You can learn more about using octrees in the following tutorials:


The pcl_range_image library contains two classes for representing and working with range images. A range image (or depth map) is an image whose pixel values represent a distance or depth from the sensor's origin. Range images are a common 3D representation and are often generated by stereo or time-of-flight cameras. With knowledge of the camera's intrinsic calibration parameters, a range image can be converted into a point cloud

An introduction to working with range images can be found in the following tutorial:


The pcl_registration library contains algorithms that can be used to combine several datasets into a globally consistent model. The key idea is to identify corresponding points between the data sets and find a transformation that minimizes the distance (alignment error) between corresponding points. This process is repeated, since correspondence search is affected by the relative position and orientation of the data sets. Once the alignment errors fall below a given threshold, the registration is said to be complete.


The pcl_sample_consensus library holds SAmple Consensus (SAC) methods like RANSAC and models like planes and cylinders. These can combined freely in order to detect specific models and their paramters in point clouds.

Some of the models implemented in this library include: lines, planes, cylinders, and spheres. Plane fitting is often applied to the task of detecting common indoor surfaces, such as walls, floors, and table tops. Other models can be used to detect and segment objects with common geometric structures (e.g., fitting a cylinder model to a mug).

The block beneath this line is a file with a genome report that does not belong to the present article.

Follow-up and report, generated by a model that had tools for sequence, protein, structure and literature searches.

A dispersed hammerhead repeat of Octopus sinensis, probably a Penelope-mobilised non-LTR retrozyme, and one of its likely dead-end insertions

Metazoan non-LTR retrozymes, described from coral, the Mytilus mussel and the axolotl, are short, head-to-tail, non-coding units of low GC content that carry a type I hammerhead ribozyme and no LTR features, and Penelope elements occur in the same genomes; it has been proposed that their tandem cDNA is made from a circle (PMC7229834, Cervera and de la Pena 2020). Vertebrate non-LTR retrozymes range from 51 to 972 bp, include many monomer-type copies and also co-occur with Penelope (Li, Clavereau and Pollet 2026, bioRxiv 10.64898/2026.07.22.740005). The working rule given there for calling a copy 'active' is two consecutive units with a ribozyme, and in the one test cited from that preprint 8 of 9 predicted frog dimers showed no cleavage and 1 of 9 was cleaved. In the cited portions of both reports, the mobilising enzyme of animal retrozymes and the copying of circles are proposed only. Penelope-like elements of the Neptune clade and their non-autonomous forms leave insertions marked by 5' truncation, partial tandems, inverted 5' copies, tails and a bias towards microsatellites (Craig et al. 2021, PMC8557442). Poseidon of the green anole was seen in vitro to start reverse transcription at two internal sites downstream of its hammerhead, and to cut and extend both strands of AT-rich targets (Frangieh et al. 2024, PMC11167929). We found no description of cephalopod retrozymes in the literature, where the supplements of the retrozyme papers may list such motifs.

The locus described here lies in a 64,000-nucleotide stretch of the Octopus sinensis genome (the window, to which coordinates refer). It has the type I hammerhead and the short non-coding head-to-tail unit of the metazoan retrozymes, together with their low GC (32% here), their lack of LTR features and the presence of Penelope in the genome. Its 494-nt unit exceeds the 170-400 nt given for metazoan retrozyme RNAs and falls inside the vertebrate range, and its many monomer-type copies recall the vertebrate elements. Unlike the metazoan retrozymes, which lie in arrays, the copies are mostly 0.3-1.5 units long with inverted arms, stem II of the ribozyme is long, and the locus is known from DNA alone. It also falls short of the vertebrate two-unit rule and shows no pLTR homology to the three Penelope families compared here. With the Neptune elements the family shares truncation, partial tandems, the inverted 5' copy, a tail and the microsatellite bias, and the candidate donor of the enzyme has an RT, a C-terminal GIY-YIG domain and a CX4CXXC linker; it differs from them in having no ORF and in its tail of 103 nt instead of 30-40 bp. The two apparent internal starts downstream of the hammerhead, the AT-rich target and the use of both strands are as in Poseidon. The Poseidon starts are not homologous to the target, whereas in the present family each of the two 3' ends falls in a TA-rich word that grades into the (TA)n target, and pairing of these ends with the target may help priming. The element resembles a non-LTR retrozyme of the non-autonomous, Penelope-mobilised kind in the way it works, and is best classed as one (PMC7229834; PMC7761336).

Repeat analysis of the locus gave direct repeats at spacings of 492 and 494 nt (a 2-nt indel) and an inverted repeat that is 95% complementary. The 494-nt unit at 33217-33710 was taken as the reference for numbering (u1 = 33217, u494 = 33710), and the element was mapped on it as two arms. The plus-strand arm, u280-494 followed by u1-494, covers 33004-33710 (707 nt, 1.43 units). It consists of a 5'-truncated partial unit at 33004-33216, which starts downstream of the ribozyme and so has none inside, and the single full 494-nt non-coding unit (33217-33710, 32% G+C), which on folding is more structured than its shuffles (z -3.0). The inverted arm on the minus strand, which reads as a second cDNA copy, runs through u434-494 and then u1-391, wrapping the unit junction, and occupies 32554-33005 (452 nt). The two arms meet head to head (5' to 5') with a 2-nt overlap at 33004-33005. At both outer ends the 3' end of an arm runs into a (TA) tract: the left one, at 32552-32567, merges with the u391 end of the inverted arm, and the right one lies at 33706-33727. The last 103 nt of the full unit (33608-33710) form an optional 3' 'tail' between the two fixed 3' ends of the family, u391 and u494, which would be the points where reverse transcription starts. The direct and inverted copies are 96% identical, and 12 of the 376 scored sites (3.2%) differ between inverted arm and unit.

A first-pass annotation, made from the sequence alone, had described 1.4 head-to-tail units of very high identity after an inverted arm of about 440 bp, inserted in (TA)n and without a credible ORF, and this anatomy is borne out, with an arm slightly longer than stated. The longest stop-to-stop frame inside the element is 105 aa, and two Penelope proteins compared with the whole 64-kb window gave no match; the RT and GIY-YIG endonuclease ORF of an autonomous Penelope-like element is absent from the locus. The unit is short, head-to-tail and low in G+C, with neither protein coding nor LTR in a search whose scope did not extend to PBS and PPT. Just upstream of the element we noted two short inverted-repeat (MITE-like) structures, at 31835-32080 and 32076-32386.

You can find examples of how to use these algorithms in the following tutorials:


The pcl_segmentation library contains algorithms for segmenting a point cloud into distinct clusters. These algorithms are best suited to processing a point cloud that is composed of a number of spatially isolated regions. In such cases, clustering is often used to break the cloud down into its constituent parts, which can then be processed independently.

The following tutorial provides an example of how to perform clustering on a point cloud:


The pcl_surface library deals with reconstructing the original surfaces from 3D scans. Depending on the task at hand, this can be for example the hull, a mesh representation or a smoothed/resampled surface with normals.

  • Creating a convex or concave hull is useful for example when there is a need for a simplified surface representation or when boundaries need to be extracted.
  • Meshing is a general way to create a surface out of points, and currently there are two algorithms provided: a very fast triangulation of the original points, and a slower meshing that does smoothing and hole filling as well.
  • Smoothing and resampling can be important if the cloud is noisy, or if it is composed of multiple scans that are not aligned perfectly. The complexity of the surface estimation can be adjusted, and normals can be estimated in the same step if needed

Some examples of these capabilities can be found in the following tutorials:


The pcl_visualization library was built for the purpose of being able to quickly prototype and visualize the results of algorithms operating on 3D point cloud data. Similar to OpenCV's highgui routines for displaying 2D images and for drawing basic 2D shapes on screen, the library offers:

* methods for rendering and setting visual properties (colors, point sizes, opacity, etc) for any n-D point cloud datasets in pcl::PointCloud<T> format * methods for drawing basic 3D shapes on screen (e.g., cylinders, spheres,lines, polygons, etc) either from sets of points or from parametric equations * a histogram visualization module (PCLHistogramVisualizer) for 2D plots * a multitude of Geometry and Color handler for pcl::PointCloud<T> datasets * a pcl::RangeImage visualization module.


Wiki: pcl/Handbook (last edited 2022-11-24 11:05:15 by JamesOwensMTC)